Santi Aldama realized he had violated one of the NBA’s most notable unwritten rules.
“Oh (expletive), I forgot,” the Grizzlies forward explained.
Aldama was wearing a pair of Giannis Antetokounmpo’s signature sneakers in a game against the Milwaukee Bucks. Wearing Antetokounmpo’s sneakers are OK for 80 of the 82 Grizzlies games per season, but twice a year, Aldama is expected to switch shoes when the star of the Bucks is the opposition.
Aldama also shared another reminder from last season during shootaround when Dillon Brooks mentioned to him that he shouldn’t wear the sneaker of an upcoming opponent later that day.
“He went crazy,” Aldama said. “I was like, ‘Aye bro, I wasn’t planning on wearing them, don’t worry about that.’ “
Blame it on being a rookie. He wouldn’t let it happen during his second season.
Well, Aldama slipped up again earlier this season. This time it was his girlfriend who reminded him of his mistake against Brooklyn when he wore star Nets guard Kyrie Irving’s shoes.
“It’s a stigma throughout the league,” Brooks said.
The rule for LeBron James, other NBA stars
Not wearing an opposing opponent’s sneaker is not a sign of disrespect. Most players say it is more mental than anything. NBA players use the smallest things to get an advantage, and this unwritten rule goes back to the last generation of players.
When LeBron James played for the Cleveland Cavaliers, his teammates weren’t allowed to wear Golden State star Stephen Curry’s Under Armour sneakers.
Hall of Famer Paul Pierce notably didn’t like for his teammates in Boston or Washington to wear James’ shoes. One of the main reasons why was because of how James would react if he saw it.
“If I see a guy wearing my shoes, if he’s not like a real good brother of mine – because you know I’ve got some guys that are Team LeBron and that’s what we do – but if you’re just a guy and you go to Foot Locker or somewhere and you just get a pair of LeBrons and you want to wear them on a Tuesday night against me? I’m gonna bust your (expletive),” James said in a 2015 interview with GQ.
Tyreke Evans and Mario Chalmers passed the knowledge down to Brooks in Memphis. When Tyus Jones played for the Minnesota Timberwolves, he learned from Kevin Garnett and Tayshaun Prince.
Brooks, Jones and Kyle Anderson are among the players who have made current Grizzlies players aware of why most NBA players follow this rule.
Jones wears Kyrie 7s in most NBA games. When Memphis played the Nets last month, he chose to wear Kobe Bryant’s shoes.
“You don’t play against anybody with their shoes on, because they already got the upper hand,” Jones said. “That’s kind of got to be our mentality. We playing against somebody, we’re not wearing their shoes. It’s no disrespect, it’s nothing like that. It’s a mentality thing for sure.”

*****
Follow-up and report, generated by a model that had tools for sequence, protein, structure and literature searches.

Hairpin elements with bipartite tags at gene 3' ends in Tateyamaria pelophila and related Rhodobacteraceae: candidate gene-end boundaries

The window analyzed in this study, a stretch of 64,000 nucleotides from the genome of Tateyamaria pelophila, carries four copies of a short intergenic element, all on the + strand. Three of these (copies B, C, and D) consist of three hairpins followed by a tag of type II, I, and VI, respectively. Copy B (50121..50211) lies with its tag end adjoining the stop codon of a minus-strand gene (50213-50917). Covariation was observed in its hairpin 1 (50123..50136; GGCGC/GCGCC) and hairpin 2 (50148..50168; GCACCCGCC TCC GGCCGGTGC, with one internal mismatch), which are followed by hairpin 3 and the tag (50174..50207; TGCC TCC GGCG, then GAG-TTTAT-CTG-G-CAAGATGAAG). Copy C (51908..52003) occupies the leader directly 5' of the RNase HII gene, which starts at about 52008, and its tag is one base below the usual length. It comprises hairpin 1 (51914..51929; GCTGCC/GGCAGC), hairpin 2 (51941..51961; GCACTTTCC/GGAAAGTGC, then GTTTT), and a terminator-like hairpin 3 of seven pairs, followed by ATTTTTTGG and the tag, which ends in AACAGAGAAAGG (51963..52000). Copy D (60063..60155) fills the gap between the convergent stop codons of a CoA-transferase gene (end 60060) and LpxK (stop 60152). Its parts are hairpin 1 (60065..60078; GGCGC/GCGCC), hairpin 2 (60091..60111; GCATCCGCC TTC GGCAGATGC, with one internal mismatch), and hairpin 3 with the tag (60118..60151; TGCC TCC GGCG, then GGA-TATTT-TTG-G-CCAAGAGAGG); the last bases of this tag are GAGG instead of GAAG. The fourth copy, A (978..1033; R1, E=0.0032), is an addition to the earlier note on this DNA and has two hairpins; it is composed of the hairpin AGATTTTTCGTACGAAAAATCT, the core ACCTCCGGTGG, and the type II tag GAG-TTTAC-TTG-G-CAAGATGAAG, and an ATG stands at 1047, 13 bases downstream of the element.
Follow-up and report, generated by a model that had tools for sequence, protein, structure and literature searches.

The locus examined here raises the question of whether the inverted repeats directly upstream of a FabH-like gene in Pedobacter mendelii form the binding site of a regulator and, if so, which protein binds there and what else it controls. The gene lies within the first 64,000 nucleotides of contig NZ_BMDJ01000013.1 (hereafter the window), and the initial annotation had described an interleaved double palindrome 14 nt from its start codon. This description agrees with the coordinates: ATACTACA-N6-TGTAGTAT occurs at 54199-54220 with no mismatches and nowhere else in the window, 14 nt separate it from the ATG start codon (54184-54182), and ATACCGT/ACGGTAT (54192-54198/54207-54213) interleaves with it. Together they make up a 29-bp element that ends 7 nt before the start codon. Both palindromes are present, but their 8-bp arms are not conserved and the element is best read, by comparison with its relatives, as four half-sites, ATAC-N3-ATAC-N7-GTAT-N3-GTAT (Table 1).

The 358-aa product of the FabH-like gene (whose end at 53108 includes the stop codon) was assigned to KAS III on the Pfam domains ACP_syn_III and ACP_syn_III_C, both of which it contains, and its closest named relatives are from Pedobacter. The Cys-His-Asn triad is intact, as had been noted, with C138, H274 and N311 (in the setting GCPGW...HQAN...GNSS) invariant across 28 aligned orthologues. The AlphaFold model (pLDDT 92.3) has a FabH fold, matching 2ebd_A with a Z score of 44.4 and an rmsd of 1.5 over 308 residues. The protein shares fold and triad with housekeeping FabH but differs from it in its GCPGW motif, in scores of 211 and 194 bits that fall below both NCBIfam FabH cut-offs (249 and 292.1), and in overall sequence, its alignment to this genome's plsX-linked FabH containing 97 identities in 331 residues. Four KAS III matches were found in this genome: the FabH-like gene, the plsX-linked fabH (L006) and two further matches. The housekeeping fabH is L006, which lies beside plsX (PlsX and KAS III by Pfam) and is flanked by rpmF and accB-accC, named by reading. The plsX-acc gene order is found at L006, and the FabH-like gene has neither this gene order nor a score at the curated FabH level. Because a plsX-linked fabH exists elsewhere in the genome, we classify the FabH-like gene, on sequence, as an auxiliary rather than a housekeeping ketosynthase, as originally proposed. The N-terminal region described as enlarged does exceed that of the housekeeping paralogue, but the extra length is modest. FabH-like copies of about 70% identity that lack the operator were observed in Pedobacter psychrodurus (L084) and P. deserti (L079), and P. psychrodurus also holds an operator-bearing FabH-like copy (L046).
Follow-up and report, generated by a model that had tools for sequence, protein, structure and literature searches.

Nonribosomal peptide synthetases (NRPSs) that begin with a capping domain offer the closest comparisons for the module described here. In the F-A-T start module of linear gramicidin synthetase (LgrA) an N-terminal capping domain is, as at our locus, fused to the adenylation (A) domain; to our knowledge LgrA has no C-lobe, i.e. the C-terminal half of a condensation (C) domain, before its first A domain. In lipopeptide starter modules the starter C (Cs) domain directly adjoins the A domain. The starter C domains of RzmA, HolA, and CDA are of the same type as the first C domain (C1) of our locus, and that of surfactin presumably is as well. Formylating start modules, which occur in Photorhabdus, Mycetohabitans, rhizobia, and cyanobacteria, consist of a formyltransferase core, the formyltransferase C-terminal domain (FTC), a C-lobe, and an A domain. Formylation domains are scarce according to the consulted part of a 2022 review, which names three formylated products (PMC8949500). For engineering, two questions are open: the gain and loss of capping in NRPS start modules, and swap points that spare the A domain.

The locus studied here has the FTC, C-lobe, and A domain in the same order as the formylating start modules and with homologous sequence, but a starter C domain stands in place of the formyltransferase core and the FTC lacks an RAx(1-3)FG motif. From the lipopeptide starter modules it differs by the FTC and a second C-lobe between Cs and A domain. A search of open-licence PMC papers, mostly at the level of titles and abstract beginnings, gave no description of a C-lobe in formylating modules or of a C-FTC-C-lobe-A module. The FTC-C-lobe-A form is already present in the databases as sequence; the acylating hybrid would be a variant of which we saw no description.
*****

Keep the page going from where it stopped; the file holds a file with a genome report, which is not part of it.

That feeling has rubbed off through most of the locker room, especially when the Grizzlies play the Nets. Jaren Jackson Jr. wears Kevin Durant’s sneakers in most games, but he didn’t do so against the Nets last season. Ja Morant often wears KDs and Kyries, but he opted for Kobe 11s against Brooklyn.
Is it more about comfort than the name?
Even though most players in the Grizzlies locker room follow the unwritten rule, that’s not the case for everyone.
Xavier Tillman Sr. is a big fan of the comfortability of Antetokounmpo’s Nike Zoom Freak series. He has heard players talk about not wearing opponent’s sneakers, but for him, there was a problem.
“I’m like, ‘Shoot, I don’t got no other shoes,’ ” Tillman said.
Tillman mentioned how he wouldn’t feel comfortable switching into shoes he didn’t regularly wear, and that’s the case for Brandon Clarke, too.
“When I play Durant, I wear his shoes proudly,” Clarke said.
The Grizzlies players aren’t forcing teammates to follow this rule, but it’s something that most of the NBA considers. From the Nike brand to Jordan, Adidas, Under Armour, Puma, Li-Ning, Anta, New Balance and 361 degrees, 22 current NBA players have signature shoes.
“If the shoes are comfortable, wear them,” Brooks said. “It’s just one of those things in the NBA.”
Among active players, Grizzlies players often wear the Nike shoes of Durant, Irving, Antetokounmpo and Paul George. Ziaire Williams, an Adidas athlete, mostly wears Donovan Mitchell’s D.O.N. sneakers.
It may have took some time, but when Aldama played the Nets on Sunday, he wore Antetokounmpo’s Nike Zoom Freaks. More importantly when Aldama is scheduled to play against Milwaukee, he’ll switch to Kyries. He knows the deal now.
“It makes sense not to wear their shoes, because it’s a mental thing,” Aldama said.